For the most part, the proverbial “man on the street” tends to think of hi-tech as being synonymous with the latest pop culture electronic gizmos.
The fact that the oil and gas industry overall is essentially the epitome of hi-tech just isn’t on the radar screen of the general populace.
But it should be: One of the latest esoteric developments in the seismic sector of the industry is Tomographic Fracture Imaging (TFI).
The newly available, patented TFI technology originated at STRM LLC, which was acquired by Global Microseismic Services (GMS), a subsidiary of Global Geophysical Services.
“We have been validating this technology for many years, including analysis over unconventional resource plays,” noted STRM founder and AAPG member Peter Geiser, chief technologist for tomography-based natural fracture imaging at GMS.
Simply speaking, the technology is a passive-microseismic surface-based array method for imaging both natural and induced fractures on a reservoir scale. TFI delivers detailed images of the fracture networks in reservoirs via tomographic analysis of energy emitted from subsurface activity such as hydraulic fracturing, hydrocarbon production or the natural background seismicity of the earth.
TFI directly images the fracture flow paths in the reservoir as complex surfaces, which is orders of magnitude beyond the current, familiar industry standard of dots-in-a-box display during fracture monitoring.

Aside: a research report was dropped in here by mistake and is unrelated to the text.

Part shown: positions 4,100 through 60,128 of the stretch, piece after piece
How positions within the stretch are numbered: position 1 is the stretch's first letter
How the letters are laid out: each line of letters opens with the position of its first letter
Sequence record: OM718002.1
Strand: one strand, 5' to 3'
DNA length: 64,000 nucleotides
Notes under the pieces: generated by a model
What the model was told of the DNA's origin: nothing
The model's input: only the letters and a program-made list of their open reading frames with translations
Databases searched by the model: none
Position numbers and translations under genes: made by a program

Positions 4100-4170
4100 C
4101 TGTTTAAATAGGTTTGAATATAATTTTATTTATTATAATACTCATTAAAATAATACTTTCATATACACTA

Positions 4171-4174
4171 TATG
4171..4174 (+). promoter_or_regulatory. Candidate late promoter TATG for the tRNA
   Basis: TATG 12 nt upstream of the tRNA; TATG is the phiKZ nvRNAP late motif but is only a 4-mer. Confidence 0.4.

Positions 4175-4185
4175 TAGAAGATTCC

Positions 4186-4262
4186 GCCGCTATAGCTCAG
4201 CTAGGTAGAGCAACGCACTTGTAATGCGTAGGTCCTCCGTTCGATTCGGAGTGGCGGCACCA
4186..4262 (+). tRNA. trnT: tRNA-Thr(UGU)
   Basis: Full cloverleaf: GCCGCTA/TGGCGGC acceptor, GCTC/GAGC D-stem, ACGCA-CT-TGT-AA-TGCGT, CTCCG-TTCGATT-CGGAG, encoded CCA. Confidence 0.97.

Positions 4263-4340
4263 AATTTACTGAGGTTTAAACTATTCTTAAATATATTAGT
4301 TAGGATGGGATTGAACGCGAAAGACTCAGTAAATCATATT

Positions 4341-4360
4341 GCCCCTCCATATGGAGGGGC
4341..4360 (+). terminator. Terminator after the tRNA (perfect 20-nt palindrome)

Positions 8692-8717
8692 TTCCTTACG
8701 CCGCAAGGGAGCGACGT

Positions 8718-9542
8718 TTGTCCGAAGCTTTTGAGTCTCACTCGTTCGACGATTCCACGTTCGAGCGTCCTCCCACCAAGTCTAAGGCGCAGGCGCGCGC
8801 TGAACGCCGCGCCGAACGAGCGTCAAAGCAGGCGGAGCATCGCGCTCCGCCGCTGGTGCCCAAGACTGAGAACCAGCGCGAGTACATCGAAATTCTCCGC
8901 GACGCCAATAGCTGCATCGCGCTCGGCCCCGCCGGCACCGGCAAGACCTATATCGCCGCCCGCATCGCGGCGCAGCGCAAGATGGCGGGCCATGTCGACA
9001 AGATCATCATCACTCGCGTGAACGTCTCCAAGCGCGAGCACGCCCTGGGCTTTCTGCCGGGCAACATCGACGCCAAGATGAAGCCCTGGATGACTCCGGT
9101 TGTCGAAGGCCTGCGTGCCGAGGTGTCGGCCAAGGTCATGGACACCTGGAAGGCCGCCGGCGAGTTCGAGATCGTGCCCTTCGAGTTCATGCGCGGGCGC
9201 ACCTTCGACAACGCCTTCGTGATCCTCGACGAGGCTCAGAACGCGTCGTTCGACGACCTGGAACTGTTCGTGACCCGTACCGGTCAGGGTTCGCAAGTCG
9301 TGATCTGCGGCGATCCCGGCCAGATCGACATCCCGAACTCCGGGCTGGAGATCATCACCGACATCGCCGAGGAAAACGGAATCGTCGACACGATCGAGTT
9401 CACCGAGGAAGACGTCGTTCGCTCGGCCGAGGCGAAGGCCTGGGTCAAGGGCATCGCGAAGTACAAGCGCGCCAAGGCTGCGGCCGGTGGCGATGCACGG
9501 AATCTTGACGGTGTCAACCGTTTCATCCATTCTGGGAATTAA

The new technology utilizes a novel approach to Seismic Emission Tomography (SET) in combo with empirical data on fracture geometry. SET is a technique for imaging sources of seismic energy contained within the volume being imaged.
The seismic energy is recorded by a surface or near-surface receiver array. The collected data are processed to provide a 3-D grid of voxels, or 3-D pixels, with node points at the body center of each voxel cube.
The TFI method looks at cumulative signals from each voxel over time rather than attempting to single out individual microseismic events.
In addition to direct mapping of fracture/fault networks, the technology provides a more confident representation of reservoir connectivity than traditional microseismic techniques.
Another advantage is the ability to I.D. fracture propagation rates.
When tomographic images are time sequenced, they can illustrate the rate of energy propagation away from the wellbore.
In other words, data gathering in time enables the interpreters to see movement of acoustic energy in the reservoir. Independent data show these pathways to be permeability corridors.
The reservoir permeability field can be mapped via the summary of natural and induced responses to changes in reservoir pressures presented by the TFI data.
The time-sequenced images of TFI have the capability to show:
- Rate of hydraulic fracture propagation.
- Dynamic features of the fracture interaction with the rock.
- Movement of pressure responses away from the hydraulic fracture.
- Reservoir rock response to these pressure changes (such responses show the likely optimal production horizons).
Nailing reservoir boundaries is of prime importance to geoscientists and others, and TFI can be used to image the lateral and vertical connection – or isolation – of the hydraulic fracture energy. Acquiring information that this energy impacted only the reservoir rock and nothing else of significance, such as, an overlying aquifer, is undeniably a good thing.
Advanced information about geological events that can affect drilling decisions is invaluable to help ensure a smooth running drilling operation. Geiser says TFI has the capacity to:
- Recognize the in situ stress regime.
- Predict the presence of active fault/fracture networks ahead of the drill bit.
- Identify a reservoir’s most productive areas.